August 2009 - Vol. 32
of the Empire: The Role of the Christian Family in Evangelization,
Yet even in these circumstances, the Church grew. In fact, amid simultaneous persecutions and epidemics, the Church grew still more dramatically, especially in proportion to the total population of the empire. Everywhere people were dropping like flies, but the Church was growing.
How did that happen? Look at what ordinarily happened when an epidemic hit your hometown. The first people to leave were usually the doctors. They knew what was coming, and they knew they could do little to prevent it. The second-century pagan physician Galen admits that he fled, in his description of the worldwide epidemic during the reign of Marcus Aurelius. The next ones to leave were the pagan priests, because they had the means and the freedom to do so.
Ordinary pagan families were encouraged to abandon their homes when family members contracted the plague. Again, they knew no other way to isolate the disease than to leave the afflicted family member behind to die, perhaps slowly.
Yet Christians were duty-bound not to abandon the sick. Jesus himself had said that, in caring for the sick, Christians were caring for him. So, even though Christians knew no more about medicine than the pagans did, they stayed with their family members, friends, and neighbors who were suffering. Consider this account of the great epidemic of the year 260, left to us by Bishop Dionysius of Alexandria:
Most of our brother Christians showed unbounded love and loyalty, never sparing themselves and thinking only of one another. Heedless of danger, they took charge of the sick, attending their every need and ministering to them in Christ – and with them departed this life serenely happy; for they were infected by others with the disease, drawing on themselves the sickness of their neighbors and cheerfully accepting their pains. . . . Death in this form, the result of great piety and strong faith, seems in every way the equal of martyrdom.”We also possess pagan accounts of that epidemic, and all of them are characterized by despair. Yet the Christians were “serenely happy.” Nor was this an extraordinary event. Stark says that Syrian Antioch, considered the second city of the empire, experienced 41 natural and social catastrophes of this order during the years when Christianity was on the rise. That is an average of one cataclysmic disaster every fifteen years.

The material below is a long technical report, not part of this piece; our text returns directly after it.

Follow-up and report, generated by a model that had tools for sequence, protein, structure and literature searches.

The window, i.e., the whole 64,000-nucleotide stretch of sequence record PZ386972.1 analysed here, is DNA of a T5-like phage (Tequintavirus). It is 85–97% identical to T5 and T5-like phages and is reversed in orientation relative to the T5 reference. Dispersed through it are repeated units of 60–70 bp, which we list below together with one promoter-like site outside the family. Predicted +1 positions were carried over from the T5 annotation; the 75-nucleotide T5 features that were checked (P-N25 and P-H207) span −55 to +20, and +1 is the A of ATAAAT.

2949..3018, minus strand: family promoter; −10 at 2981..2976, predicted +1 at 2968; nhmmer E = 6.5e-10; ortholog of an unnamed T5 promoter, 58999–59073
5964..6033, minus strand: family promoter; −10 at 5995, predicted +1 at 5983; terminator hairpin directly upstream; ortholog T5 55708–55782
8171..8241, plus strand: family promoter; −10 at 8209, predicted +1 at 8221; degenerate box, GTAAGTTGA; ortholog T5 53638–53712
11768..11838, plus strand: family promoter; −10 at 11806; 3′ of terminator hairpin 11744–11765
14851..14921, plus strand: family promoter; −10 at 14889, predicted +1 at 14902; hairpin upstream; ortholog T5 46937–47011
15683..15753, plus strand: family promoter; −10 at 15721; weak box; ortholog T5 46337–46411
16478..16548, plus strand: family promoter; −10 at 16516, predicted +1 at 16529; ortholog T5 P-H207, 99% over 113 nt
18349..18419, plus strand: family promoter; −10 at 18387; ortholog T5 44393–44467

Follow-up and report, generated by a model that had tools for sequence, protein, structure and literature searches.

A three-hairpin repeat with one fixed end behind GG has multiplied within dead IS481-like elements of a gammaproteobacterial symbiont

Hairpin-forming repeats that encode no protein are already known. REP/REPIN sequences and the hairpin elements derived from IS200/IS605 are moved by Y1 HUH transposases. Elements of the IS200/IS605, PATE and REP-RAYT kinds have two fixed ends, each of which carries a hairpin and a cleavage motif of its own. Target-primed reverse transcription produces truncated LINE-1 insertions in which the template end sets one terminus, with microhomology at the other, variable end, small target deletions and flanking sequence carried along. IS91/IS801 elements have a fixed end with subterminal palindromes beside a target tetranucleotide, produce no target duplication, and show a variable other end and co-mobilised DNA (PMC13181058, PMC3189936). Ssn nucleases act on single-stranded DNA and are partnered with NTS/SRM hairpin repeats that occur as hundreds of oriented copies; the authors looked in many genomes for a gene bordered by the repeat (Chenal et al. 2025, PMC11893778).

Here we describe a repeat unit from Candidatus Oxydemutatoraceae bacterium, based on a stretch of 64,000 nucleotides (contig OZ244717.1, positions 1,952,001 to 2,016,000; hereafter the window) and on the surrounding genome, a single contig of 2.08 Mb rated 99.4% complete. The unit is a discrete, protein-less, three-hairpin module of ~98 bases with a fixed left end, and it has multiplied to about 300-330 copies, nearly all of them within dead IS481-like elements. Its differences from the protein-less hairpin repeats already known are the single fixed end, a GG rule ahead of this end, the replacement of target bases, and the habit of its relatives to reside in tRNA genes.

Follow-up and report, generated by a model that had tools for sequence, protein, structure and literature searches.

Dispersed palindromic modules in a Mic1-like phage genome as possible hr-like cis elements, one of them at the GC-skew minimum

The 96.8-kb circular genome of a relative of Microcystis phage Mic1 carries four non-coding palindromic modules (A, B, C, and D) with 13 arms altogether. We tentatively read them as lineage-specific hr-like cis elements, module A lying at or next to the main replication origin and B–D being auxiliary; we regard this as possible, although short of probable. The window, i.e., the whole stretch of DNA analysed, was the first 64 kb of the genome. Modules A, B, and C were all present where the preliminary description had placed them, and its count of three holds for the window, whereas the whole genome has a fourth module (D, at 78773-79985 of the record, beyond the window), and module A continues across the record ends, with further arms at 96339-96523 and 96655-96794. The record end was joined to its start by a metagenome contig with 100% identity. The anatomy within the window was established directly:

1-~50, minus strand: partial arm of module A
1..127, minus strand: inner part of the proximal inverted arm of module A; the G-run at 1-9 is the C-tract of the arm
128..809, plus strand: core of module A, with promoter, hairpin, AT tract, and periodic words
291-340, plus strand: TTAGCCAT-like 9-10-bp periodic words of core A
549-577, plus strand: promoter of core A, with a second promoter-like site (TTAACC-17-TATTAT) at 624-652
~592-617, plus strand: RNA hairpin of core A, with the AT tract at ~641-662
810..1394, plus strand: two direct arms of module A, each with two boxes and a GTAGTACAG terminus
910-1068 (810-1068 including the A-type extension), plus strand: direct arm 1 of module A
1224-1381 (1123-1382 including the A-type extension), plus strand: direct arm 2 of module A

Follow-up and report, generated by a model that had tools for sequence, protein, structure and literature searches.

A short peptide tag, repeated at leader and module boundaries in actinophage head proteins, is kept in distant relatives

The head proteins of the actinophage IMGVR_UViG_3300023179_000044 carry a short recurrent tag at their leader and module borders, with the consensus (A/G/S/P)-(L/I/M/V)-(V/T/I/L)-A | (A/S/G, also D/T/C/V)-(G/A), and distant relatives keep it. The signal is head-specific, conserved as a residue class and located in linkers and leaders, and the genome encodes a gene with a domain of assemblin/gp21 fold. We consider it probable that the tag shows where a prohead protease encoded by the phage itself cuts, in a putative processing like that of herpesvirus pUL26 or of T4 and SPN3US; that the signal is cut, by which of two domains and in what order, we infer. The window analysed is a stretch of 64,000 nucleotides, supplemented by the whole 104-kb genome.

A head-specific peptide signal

Christianity had the same effect in other ways, as Stark noted. It offered cities filled with strangers, orphans, widows, the homeless, and the poor a new family and community and a new way of life that freed them from many of the fears that tortured their pagan neighbors.
Amid all that havoc, Christian charity, which usually began in the home, brought church growth. Christians were much more likely to survive epidemics because they cared for one another. Mere comfort care cut the Christians’ mortality rate by two-thirds when compared with the pagans’. What is more, the Christian families cared for their pagan neighbors as well. Thus, the pagans who received Christian care were more likely to survive and, in turn, to become Christians themselves. Thus, in times of epidemic, when populations as a whole plummeted, church growth soared.